While volatility is a risk because many investors cannot handle it and end up selling low, a far greater risk is not outpacing inflation and falling short of your retirement goal. In order to beat inflation, a significant percentage of the portfolio must be invested in asset classes that are likely to beat inflation over the long run. At current historically low yields, nominal Treasury bonds (much less cash-like investments such as savings accounts and CDs) are unlikely to do this. Riskier investments such as stocks and real estate are much more likely to beat inflation over the long run.
Inflation-indexed bonds, such as Treasury Inflation Protected Securities (TIPS) and I-Bonds are unique in that they are relatively safe investments that hedge a portfolio against unexpected inflation. Although at current low yields they are unlikely to beat inflation by much, at least they’ll keep up if inflation spikes, unlike nominal bonds.
Believe it or not, Uncle Sam wants you to have a nice retirement. There are many tax breaks available to investors. Long-term capital gains and dividends are taxed at lower rates than regular income. If you lose money in a taxable investment, the IRS will share your pain through tax-loss harvesting. When you die (or receive an inheritance), the investments receive a step-up in basis as of the date of death, allowing the heir to sell them tax-free.
There are also a plethora of tax-advantaged retirement savings accounts including 401(k)s, 403(b)s, 457(b)s, profit-sharing plans, defined benefit plans, IRAs, Roth IRAs, SEP-IRAs, solo 401(k)s, SIMPLE IRAs, HSAs, etc. The tax-drag on investment growth is eliminated insomuch as you invest inside these accounts.
The tax advantage of being able to choose when you pay your taxes is also substantial. For example, a resident physician in the 15% bracket may choose to pay taxes now and invest in a Roth IRA. When he pulls that money out tax-free in retirement, he may be in the 25% bracket. A physician in his peak earning years may contribute to his retirement plan and save 40% in taxes on the contribution. The effective tax rate of his withdrawals after retirement may be closer to 15%.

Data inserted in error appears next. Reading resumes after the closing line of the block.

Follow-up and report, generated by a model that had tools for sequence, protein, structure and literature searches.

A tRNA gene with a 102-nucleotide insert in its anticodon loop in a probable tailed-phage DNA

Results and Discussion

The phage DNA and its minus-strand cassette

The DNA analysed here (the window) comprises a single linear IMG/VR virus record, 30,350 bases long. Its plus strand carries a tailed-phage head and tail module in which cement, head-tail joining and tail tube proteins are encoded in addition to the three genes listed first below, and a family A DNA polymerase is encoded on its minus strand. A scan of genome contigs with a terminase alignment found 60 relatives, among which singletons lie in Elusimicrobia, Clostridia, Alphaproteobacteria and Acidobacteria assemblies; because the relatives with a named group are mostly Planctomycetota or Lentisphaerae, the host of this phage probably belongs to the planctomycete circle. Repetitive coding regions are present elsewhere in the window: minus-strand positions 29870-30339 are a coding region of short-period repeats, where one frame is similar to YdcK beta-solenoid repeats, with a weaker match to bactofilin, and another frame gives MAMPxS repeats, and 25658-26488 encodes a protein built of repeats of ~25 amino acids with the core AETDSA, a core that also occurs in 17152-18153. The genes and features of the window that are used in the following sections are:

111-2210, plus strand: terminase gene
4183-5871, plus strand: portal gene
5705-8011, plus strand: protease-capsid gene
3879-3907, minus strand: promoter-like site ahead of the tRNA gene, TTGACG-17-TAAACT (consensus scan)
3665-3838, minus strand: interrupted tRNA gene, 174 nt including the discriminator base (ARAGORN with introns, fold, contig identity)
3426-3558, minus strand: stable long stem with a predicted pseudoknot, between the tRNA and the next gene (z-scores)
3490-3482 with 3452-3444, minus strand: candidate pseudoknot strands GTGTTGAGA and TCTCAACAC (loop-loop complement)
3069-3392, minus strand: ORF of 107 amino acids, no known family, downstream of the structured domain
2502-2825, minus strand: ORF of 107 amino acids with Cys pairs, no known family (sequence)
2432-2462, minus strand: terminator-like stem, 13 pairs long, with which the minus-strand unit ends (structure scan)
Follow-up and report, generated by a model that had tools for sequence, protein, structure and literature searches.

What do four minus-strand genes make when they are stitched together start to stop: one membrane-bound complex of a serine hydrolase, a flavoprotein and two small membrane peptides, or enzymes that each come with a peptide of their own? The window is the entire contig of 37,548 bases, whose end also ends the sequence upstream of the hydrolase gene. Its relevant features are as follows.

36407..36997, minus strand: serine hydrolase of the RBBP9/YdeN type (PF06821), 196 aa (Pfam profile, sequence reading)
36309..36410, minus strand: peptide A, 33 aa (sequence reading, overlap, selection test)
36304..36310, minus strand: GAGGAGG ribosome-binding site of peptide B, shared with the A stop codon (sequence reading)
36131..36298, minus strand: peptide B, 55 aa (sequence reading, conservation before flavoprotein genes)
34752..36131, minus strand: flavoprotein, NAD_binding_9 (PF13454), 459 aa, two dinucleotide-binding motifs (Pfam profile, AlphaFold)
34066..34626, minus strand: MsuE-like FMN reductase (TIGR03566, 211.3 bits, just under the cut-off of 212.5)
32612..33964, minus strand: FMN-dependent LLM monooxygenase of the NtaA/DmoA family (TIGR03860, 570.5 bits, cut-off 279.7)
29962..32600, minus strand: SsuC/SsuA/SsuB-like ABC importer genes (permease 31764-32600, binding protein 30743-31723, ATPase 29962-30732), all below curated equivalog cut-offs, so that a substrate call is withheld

Too many physicians complain about high tax bills without taking advantage of the easiest way to save on those taxes, ensure a comfortable retirement and protect the assets from creditors — contributing to retirement accounts and investing in a tax-efficient manner outside of retirement accounts.
Minimizing investment expenses
I have seen physicians paying as much as 2% to 3% of their assets every year in investment expenses. 401(k) fees, mutual fund expense ratios, commissions and advisory fees can add up rapidly. Many physician investors don’t realize the heavy impact that fees can have on their eventual nest egg size.
Consider two doctors, each saving $50,000 per year for 25 years in an investment earning 8% per year before expenses. The first pays 2% in investment expenses and the second pays 0.2%, or one-tenth as much. After 25 years, the difference in net worth will be nearly a million dollars! Every dollar you pay in fees comes directly out of your investment return.
The retirement investing battle is definitely worth fighting, and it becomes much easier when you realize what you’re fighting against. Having a plan to combat inflation, taxes, and investment expenses will give you peace of mind now and a comfortable retirement later.
James M. Dahle, MD, FACEP, blogs at The White Coat Investor where he tries to give those who wear the white coat a “fair shake” on Wall Street. He is not a licensed attorney, accountant, or financial advisor and you should consult with your advisors prior to acting on any information you read here.